• 4. Binding this was interesting, trying to keep the points of the diamonds on the edges of the quilt.  I probably cut the batting down too much so it is too thin in some places, but the points look good.

I’m taking all of these as things to learn from and improve, and NOT being negative about my quilt, because I love it!

Some outtakes:

Auditioning threads for the green/blue facet area.  I thought I wanted the one second from the right, but I wound up with the one furthest on the right.  Good thing I auditioned them.  I like the one I wound up with much better.

choosing thread

Scrunching the big thing under my domestic machine…a good workout for arms and shoudlers!


And here is Maggie the Corgi photobombing the photo shoot!  She was looking for shade.

finished with Maggie

I really enjoyed this QAL and love my quilt. Thanks again to Christa for hosting it.

Finishing this quilt was one of my Q2 FAL goals (link to original Q2 FAL goal list), and I will be linking up there once the end of Q2 link opens.

Zipper Bags and Glasses Cases

One of my projects for this quarter was to do a bunch of zipper bags and glasses cases.  I once had a big stock of them, but over time my stockpile ran dry.  I love to make these – they are a great way to play with cute fabric, I use the cases for lots of things, and I love to give them away.  My mom also put in a request for a few sets to give for Christmas, so I wanted to get her a selection to choose from.

This is a selection of all the cases I made in this sitting.  I made several duplicates of similar fabrics.

whole group


The zipper cases are easy to make and are a good opportunity to practice machine quilting.  In fact I got going on this batch because I wanted to do some machine quilting practice before starting in on a big quilting job.  I decided to use these guys as practice rather than make muslin scrap quilt sandwiches.  I’ll do another post later on my work to improve my machine quilting!

Here are a few more photos of the zipper cases coming together.

Prepping the zipper – I learned my method from Terry Atkinson’s books and patterns.  Now I use this method and adapt it any size case I want to make.

zipper end

Top stitching detail next to the zipper – I love the cocktail fabric!

zipper top stitch

Adding zig-zag stitching to the edges to prevent fraying.

zipper zig zag edge

It was hot, I was doing a lot of zippers, and sometimes a Summer Shandy is just in order!

zipper measuring - beer

I made these small card cases for the first time.  This was the first one.  It came out well, but the zipper method I use adds fabric to the ends of the zipper which made the opening a bit small.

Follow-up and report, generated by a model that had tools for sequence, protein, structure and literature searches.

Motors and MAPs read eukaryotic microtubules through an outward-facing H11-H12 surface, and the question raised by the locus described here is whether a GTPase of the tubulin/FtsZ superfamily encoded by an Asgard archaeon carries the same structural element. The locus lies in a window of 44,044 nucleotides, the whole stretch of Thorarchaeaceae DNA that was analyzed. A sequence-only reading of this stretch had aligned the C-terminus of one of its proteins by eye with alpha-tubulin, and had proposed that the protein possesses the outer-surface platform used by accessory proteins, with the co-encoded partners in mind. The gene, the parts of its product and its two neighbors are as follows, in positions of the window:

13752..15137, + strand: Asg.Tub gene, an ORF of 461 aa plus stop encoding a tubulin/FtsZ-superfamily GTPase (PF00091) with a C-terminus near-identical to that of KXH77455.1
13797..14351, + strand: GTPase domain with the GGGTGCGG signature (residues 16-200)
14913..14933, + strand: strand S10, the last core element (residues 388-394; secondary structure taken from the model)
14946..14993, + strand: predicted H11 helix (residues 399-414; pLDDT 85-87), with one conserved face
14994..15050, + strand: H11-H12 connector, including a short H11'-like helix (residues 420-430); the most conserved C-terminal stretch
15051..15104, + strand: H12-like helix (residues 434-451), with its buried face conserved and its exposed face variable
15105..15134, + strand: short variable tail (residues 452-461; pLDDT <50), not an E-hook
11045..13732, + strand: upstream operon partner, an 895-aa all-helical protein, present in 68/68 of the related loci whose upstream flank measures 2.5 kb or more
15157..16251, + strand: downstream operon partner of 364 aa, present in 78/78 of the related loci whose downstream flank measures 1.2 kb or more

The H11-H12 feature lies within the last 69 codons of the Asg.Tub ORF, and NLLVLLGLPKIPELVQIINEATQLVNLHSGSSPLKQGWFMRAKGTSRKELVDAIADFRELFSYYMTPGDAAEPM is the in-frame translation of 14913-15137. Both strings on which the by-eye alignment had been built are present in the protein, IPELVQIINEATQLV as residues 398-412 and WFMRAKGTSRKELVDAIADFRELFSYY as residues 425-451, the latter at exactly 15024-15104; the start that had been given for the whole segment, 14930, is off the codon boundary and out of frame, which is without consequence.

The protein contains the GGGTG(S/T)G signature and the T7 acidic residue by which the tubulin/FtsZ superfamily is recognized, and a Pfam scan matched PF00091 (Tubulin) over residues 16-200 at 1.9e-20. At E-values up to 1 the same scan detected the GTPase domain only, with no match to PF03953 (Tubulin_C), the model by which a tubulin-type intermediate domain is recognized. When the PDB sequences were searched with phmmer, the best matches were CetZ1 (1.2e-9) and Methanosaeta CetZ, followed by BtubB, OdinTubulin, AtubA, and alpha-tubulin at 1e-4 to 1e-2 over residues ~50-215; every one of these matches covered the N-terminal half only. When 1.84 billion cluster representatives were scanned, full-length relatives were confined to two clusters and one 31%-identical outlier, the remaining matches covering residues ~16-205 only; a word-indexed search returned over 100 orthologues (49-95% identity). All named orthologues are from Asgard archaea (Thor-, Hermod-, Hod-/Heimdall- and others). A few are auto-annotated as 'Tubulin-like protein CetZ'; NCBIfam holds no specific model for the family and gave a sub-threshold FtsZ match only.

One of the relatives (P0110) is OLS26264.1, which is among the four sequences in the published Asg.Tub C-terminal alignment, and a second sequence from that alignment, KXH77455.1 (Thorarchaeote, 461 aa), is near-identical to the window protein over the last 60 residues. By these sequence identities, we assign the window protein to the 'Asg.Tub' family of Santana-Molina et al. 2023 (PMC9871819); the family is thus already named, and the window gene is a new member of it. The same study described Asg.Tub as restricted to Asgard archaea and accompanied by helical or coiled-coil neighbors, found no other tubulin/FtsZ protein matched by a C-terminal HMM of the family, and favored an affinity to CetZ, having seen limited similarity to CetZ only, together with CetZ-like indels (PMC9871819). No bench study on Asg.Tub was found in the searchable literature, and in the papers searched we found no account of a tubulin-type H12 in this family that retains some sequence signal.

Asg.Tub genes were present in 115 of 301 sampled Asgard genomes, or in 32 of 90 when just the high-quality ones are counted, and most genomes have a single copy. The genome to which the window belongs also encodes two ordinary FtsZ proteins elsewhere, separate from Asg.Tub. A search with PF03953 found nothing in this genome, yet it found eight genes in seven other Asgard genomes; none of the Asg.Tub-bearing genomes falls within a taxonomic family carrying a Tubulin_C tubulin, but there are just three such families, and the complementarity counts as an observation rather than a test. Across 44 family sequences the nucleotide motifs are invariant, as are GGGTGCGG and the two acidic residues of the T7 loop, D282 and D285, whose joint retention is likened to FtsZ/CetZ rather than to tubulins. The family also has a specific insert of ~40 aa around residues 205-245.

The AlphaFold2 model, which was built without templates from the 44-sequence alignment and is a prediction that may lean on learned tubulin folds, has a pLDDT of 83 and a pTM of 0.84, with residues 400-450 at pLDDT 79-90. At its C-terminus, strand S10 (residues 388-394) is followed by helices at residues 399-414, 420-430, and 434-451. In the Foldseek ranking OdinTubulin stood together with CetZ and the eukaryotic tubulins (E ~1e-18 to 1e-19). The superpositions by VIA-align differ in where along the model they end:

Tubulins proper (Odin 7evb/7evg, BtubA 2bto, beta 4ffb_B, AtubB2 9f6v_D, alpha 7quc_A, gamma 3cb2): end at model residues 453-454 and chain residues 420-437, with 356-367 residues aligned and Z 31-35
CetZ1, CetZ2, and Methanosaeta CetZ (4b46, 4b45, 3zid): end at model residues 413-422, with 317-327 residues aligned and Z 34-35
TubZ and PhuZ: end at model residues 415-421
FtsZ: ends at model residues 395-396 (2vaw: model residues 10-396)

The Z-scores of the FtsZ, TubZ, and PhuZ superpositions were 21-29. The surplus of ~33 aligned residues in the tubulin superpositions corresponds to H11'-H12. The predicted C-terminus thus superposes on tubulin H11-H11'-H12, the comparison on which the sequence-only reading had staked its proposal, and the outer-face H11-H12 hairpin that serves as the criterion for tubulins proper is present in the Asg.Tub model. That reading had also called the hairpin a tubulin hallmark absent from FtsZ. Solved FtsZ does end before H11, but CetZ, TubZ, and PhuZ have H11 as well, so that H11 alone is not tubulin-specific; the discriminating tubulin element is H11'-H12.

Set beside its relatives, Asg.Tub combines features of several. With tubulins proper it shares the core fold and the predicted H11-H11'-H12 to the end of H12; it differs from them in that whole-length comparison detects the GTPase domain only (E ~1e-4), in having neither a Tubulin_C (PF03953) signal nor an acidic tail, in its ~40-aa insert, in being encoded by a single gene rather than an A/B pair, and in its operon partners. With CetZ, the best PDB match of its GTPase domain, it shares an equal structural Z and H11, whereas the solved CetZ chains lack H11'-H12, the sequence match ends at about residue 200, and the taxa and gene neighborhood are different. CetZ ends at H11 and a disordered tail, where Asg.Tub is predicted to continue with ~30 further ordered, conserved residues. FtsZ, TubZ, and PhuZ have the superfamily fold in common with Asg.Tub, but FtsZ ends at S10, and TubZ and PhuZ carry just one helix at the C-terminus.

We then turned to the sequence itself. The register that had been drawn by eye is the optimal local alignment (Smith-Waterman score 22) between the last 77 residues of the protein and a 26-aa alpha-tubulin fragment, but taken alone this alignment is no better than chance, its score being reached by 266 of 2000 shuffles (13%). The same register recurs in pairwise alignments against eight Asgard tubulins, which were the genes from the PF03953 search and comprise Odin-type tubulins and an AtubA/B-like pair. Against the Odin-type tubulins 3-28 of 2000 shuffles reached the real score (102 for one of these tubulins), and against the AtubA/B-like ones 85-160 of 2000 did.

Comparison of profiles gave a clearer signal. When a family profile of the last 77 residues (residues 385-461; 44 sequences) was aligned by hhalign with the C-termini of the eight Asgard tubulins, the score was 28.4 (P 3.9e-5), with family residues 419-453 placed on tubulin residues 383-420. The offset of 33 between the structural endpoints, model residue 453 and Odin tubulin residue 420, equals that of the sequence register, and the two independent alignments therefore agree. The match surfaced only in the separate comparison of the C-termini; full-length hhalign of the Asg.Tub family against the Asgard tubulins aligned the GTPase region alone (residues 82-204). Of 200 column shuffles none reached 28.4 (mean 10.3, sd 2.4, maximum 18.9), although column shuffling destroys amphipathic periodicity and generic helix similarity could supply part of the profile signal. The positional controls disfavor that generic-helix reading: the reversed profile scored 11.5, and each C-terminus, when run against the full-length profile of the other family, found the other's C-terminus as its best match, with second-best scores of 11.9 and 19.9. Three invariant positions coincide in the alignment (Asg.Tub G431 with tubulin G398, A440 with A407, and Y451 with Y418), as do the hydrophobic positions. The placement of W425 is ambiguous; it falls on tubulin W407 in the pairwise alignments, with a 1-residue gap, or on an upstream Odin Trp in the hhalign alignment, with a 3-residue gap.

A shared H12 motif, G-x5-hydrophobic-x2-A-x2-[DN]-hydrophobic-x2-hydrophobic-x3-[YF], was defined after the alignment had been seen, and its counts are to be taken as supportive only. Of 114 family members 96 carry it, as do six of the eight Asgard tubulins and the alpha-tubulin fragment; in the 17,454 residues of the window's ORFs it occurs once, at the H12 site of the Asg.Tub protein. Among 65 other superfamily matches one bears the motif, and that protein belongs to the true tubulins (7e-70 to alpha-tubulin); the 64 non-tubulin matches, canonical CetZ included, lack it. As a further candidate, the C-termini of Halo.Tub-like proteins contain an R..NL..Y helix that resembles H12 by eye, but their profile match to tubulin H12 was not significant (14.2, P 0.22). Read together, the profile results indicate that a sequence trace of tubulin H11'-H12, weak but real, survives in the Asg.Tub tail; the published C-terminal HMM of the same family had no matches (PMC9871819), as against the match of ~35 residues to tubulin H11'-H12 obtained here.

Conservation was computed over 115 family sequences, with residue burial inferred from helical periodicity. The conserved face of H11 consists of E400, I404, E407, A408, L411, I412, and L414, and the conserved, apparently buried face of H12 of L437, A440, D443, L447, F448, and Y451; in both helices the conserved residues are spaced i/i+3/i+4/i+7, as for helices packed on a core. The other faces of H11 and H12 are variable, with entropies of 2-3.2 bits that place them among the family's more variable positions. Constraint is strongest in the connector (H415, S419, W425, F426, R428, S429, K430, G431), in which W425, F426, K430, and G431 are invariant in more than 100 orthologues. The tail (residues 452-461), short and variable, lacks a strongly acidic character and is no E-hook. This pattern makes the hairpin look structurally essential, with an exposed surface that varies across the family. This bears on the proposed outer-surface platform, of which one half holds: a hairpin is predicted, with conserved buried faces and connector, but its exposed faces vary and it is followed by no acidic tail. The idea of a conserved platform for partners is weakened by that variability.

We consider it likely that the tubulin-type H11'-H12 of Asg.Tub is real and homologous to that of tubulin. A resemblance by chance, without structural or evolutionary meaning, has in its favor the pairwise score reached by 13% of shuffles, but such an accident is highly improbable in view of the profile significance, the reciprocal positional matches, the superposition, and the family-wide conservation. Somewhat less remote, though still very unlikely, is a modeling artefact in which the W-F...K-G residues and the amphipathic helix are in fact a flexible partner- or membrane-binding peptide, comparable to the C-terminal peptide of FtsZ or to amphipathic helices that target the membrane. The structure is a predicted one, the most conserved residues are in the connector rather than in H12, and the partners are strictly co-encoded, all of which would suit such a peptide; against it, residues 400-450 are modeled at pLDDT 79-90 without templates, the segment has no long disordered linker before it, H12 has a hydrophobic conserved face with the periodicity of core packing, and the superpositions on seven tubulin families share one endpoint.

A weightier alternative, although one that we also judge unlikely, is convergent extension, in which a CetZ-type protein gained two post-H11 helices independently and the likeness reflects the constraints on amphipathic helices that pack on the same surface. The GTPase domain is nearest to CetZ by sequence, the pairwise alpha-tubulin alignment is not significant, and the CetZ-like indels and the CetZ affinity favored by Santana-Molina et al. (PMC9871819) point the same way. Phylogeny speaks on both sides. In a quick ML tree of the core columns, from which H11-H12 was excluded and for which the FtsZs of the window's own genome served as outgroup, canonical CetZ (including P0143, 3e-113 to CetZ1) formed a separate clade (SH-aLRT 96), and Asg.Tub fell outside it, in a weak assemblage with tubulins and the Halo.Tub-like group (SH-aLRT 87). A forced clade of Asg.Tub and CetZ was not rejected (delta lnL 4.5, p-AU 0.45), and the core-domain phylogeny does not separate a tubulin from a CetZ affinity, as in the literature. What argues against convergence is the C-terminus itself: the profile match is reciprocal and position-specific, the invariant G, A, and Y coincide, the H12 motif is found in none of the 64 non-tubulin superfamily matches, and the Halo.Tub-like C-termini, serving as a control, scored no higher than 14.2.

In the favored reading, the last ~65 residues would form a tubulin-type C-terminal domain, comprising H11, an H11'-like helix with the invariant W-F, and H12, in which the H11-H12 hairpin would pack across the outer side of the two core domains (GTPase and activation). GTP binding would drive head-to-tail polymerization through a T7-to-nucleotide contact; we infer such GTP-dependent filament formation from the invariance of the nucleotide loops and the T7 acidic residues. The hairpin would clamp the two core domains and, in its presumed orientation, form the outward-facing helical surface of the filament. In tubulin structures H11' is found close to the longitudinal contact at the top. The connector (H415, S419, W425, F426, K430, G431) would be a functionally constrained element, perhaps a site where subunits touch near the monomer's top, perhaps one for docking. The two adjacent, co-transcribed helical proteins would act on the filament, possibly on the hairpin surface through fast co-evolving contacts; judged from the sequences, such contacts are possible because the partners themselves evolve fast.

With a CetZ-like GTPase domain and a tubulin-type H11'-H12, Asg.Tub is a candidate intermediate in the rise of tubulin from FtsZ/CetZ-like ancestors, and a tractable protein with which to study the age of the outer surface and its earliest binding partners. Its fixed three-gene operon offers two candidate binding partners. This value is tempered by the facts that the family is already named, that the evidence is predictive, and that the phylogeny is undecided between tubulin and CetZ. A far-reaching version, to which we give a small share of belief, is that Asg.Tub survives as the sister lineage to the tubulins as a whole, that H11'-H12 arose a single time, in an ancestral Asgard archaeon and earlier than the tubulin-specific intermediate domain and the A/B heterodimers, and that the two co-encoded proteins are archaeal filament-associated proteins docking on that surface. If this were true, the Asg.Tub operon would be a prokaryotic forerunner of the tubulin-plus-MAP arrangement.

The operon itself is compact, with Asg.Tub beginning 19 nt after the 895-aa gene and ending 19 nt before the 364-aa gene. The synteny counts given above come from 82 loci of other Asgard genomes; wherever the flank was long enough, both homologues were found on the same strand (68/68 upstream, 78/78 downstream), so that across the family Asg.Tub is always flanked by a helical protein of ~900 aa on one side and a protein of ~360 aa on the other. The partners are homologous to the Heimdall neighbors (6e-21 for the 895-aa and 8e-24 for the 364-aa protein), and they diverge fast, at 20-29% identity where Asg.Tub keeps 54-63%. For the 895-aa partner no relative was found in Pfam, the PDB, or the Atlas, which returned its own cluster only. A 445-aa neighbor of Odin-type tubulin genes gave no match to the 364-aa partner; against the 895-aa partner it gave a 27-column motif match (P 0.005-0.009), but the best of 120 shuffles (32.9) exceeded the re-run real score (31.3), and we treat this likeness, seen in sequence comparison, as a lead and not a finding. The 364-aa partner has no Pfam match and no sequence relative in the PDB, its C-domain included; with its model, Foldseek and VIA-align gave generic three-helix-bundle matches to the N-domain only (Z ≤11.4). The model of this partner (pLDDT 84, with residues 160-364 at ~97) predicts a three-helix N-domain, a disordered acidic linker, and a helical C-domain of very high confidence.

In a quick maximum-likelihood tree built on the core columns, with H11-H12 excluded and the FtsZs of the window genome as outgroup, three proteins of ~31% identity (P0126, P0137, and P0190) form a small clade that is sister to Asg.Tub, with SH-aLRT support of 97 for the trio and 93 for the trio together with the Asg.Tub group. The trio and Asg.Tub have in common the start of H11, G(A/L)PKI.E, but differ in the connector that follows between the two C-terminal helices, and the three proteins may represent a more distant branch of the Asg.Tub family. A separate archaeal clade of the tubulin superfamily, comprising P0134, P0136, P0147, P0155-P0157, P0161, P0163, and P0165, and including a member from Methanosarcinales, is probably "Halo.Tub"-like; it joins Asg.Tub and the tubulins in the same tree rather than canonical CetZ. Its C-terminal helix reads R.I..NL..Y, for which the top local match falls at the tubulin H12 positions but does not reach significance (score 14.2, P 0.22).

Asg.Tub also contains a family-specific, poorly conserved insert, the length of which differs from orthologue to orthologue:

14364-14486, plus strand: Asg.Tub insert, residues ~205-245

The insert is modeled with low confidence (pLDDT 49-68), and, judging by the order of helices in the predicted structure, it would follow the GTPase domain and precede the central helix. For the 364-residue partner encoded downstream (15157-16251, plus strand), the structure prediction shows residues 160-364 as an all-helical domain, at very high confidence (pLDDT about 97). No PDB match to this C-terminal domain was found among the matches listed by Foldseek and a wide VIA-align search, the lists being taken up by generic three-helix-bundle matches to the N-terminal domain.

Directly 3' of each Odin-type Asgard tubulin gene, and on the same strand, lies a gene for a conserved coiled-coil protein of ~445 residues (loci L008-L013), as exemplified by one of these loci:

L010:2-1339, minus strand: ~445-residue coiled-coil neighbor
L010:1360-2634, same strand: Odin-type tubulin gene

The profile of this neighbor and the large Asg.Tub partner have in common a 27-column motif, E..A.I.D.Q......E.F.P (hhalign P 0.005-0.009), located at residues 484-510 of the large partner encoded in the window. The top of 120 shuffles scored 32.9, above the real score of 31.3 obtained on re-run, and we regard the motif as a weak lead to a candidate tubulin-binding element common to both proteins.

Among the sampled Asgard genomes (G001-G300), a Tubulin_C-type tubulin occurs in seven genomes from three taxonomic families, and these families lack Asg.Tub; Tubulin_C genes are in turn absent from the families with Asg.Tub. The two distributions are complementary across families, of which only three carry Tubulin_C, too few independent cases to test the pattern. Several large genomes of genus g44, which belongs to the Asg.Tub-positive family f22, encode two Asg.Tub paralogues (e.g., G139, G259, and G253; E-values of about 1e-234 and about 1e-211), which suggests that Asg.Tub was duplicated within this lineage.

small case - narrow


With my next one, I left the fabric off one edge (the right) and thinned the fabric on the edge where the zipper stops (the left).

small case better

This made a wider opening and I like it better, but the side with no fabric on the edge of the zipper is going to fray.  For my next one I’m going to try the thinner fabric on both sides.

The cocktail cases in 2 sizes – big (~9″ wide x 5″ tall) – and a pencil case size (~7″ wide x 3.5″ tall).

cocktail ZC

This fabric was cute and had lots of colors.  I used brightly colored zippers and yellow stripes for the linings.

blue ZC

And I just got a bunch of new zippers off Amazon for a great price, so I’ll be making more!

new zippers

I also made a bunch of glasses cases at the same time.  These are really cool because they have a snap-back closure at the top.  I bought a pattern from Stitchin’ Sisters some time ago showing the method, and I adapted it to make cases big enough for sunglasses.  I’ve also seen tutorials for bags using a similar idea in several places online, calling them snap bags.  Old measuring tapes are used in the enclosure and they snap closed – so cool!

You prepare the case by making sandwich of outside fabric, lining that is a bit longer, and batting.  After quilting the sandwich, get it squared up and even on both sides to prepare to hem down the ends.  Here my pin chicken is helping me out…

glasses case measuring

Hemming down the lining over the outside fabric to make a casing.

GC hem pressing

Inserting the cut measuring tape into the edge casings.

GC tape insertion

Sewing up the sides, making sure the edges and hems match…then zig-zag the edges.

GC side stitching

A selection of completed cases.  I’ve adopted the one on the far left.

finished GC

I had a great time making my cases, and still have a few more in progress.  The are very useful to have around!

finished zipper cases


These cases were on my Q2 FAL list (link to original Q2 FAL goal list), so I will be linking up there once the end of the quarter link opens.